THE ACADEMY OF BLISS
WHAT ELSE DO YOU CALL A DRIVING ACADEMY THAT LETS YOU DRIFT-DRIVE, SLIP-SLIDE A LAMBORGHINI ON A RACE TRACK ASKS VIKRANT SINGH
Of course, I’ve driven a fair share of supercars both on a race track and on the road. There have been Ferraris, Lamborghinis and the Mercedes SLS AMG. Though these were monumental experiences, I’d never really explored the wild side of a supercar. Their stratospherically high pricing has been the paramount reason for this apprehension, not to mention, the great Indian road. Then there’s the small matter of car control, or the lack thereof. I can drive, and reasonably fast, but when it comes to pushing cars with over 500bhp close to their adhesion limit, I am just too chicken! But now, after an incredible day spent driving on a race track at Beijing, China, I am not a supercar-drift virgin anymore! In fact, I can now drift both a two-wheel drive and a four-wheel drive supercar, and even stitch up two drifts into one piece of silk. Well, it may not have been as smooth as silk, but I managed, which is quite the accomplishment in itself.
Before we dig in deeper let me explain drifting to the uninitiated. Consider a corner. You turn into it and if you are not too fast, you’ll trace a nice corner-hugging arc and make it to the other side,
drama free. But that’s no fun. To drift around a corner, the car must slide. So, you go into the corner faster than you sanely should, turn in hard and as you do, you’ll feel the rear end car braking free and trying to overtake the front. If you are not quick enough to steer the car back in the direction of the slide to hold the drift, you will spin.
And on a public road, you will certainly end up wrapped around a tree or another car, or whatever immovable object meets your irresistible supercar. So, the safest bet is to do it on a race track and that’s where the Beijing Lamborghini Driving Academy comes in.
The latest in a line of driving academies across the world, the curriculum is set up by the Italian supercar maker to promote road safety and good driving behaviour. Nowhere near as boring as the philosophy indicates, the experience was about getting to know the car, gauging its abilities, testing its limits, and having a blast.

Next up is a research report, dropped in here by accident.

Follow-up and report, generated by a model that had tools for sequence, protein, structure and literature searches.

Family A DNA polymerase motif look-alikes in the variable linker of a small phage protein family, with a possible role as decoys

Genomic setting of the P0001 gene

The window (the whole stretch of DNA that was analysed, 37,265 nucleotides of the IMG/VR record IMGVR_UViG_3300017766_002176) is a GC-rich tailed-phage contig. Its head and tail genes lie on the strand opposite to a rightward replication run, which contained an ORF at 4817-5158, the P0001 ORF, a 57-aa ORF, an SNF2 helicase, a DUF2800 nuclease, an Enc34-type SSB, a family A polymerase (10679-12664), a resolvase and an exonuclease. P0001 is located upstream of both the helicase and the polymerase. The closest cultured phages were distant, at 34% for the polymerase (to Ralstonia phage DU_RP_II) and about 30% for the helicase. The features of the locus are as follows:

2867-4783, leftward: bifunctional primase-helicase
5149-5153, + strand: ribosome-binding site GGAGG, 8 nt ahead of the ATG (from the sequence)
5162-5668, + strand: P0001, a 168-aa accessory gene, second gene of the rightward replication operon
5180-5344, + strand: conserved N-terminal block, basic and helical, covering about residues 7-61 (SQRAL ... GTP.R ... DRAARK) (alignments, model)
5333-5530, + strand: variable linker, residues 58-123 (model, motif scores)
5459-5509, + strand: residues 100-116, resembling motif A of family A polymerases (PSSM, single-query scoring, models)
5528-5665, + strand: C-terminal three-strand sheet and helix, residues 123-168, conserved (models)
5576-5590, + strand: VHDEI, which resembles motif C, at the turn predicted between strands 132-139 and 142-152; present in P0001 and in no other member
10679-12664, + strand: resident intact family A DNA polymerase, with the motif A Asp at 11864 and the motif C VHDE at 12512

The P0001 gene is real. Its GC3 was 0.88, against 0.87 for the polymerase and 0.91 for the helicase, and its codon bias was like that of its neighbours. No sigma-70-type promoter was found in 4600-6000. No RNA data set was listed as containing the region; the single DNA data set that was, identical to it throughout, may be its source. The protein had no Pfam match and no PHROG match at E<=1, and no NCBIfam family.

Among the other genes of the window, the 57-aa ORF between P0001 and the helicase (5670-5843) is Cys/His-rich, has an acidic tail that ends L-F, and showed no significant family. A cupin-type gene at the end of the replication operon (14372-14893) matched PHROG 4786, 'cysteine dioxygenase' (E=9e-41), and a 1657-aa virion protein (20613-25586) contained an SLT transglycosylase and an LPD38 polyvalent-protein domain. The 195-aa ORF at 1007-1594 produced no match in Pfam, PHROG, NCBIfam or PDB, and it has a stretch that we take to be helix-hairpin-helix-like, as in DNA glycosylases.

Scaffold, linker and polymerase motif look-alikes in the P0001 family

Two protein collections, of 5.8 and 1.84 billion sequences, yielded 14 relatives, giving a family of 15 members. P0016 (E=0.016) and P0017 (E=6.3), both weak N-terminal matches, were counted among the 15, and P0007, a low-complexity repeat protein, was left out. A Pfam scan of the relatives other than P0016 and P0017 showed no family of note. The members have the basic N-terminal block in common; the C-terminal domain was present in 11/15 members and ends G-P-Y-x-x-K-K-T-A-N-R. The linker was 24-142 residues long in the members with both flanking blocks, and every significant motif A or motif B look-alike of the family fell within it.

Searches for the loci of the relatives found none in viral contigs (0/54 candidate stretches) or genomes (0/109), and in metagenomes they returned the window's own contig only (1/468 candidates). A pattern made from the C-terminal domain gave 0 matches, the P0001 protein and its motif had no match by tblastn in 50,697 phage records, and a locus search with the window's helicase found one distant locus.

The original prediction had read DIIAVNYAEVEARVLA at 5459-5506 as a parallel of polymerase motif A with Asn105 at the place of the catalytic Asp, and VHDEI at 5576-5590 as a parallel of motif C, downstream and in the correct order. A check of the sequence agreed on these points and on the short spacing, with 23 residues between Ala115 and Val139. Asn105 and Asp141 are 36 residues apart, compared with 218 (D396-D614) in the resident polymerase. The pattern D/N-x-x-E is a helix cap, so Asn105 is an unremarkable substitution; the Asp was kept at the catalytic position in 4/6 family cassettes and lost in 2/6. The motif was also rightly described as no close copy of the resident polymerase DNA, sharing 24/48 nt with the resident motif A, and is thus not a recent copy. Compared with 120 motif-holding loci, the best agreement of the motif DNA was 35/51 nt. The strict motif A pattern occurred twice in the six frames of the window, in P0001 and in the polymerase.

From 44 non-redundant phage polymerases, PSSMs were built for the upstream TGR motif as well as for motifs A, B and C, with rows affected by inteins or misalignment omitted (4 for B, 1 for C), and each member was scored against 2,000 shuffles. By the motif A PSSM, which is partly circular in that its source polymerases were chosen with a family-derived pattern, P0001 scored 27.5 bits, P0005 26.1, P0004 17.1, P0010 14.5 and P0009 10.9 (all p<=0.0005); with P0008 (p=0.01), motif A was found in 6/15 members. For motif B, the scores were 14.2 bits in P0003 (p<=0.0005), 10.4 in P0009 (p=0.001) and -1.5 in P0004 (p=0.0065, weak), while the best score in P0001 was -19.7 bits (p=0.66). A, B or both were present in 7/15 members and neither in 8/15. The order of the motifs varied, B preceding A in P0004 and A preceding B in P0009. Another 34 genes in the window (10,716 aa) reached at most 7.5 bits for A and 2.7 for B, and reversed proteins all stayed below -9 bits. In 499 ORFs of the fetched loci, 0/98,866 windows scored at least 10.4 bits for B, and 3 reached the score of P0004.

The day began with a course on over-steering. The setup was simple; a wet surface and some cones. There were two supercars - a 550bhp, two-wheel drive Lamborghini Gallardo LP 550-2 and a 560bhp, four-wheel drive Gallardo 560-4. The directions were simple too. Enter the test area, turn left, mash the throttle to the floor, get the rear to snap out and then hold it on throttle and steering inputs. The execution, though was not so simple. With so much power on tap and a wet surface, controlling the wheel was a challenge. I ended up spinning completely the first few times. But as the day progressed, I did get the hang of it.
What I also got a handle on, was that four-wheel drive is more functional when you have limited drifting experience. It’s simpler, more progressive and more controllable.
With oversteering somewhat mastered, we headed to the Pendulum course. The goal was to set the Lamborghini drifting in one direction, catch it and then get it to drift the other way, all in a seamless series of movements. Before the end , I got the four-wheel LP560-4 to drift left and then right in one go. Of course, it still remained a lot clumsier than it had been in my dreams. But, at least I lived the dream.
The day closed with hot laps around the short but twisty circuit. You lap behind the pace car, but the harder you push the pace car, the faster it goes. If you can keep it together, towards the end the going gets real quick. It’s close to what you might experience if you ever choose to go racing in a supercar. It’s frighteningly fast, terribly scary and the adrenaline rush is just too addictive.
The author is Editor of Auto Bild
Drifting on a turn in a Lamborghini Gallard LP is just as hard as it looks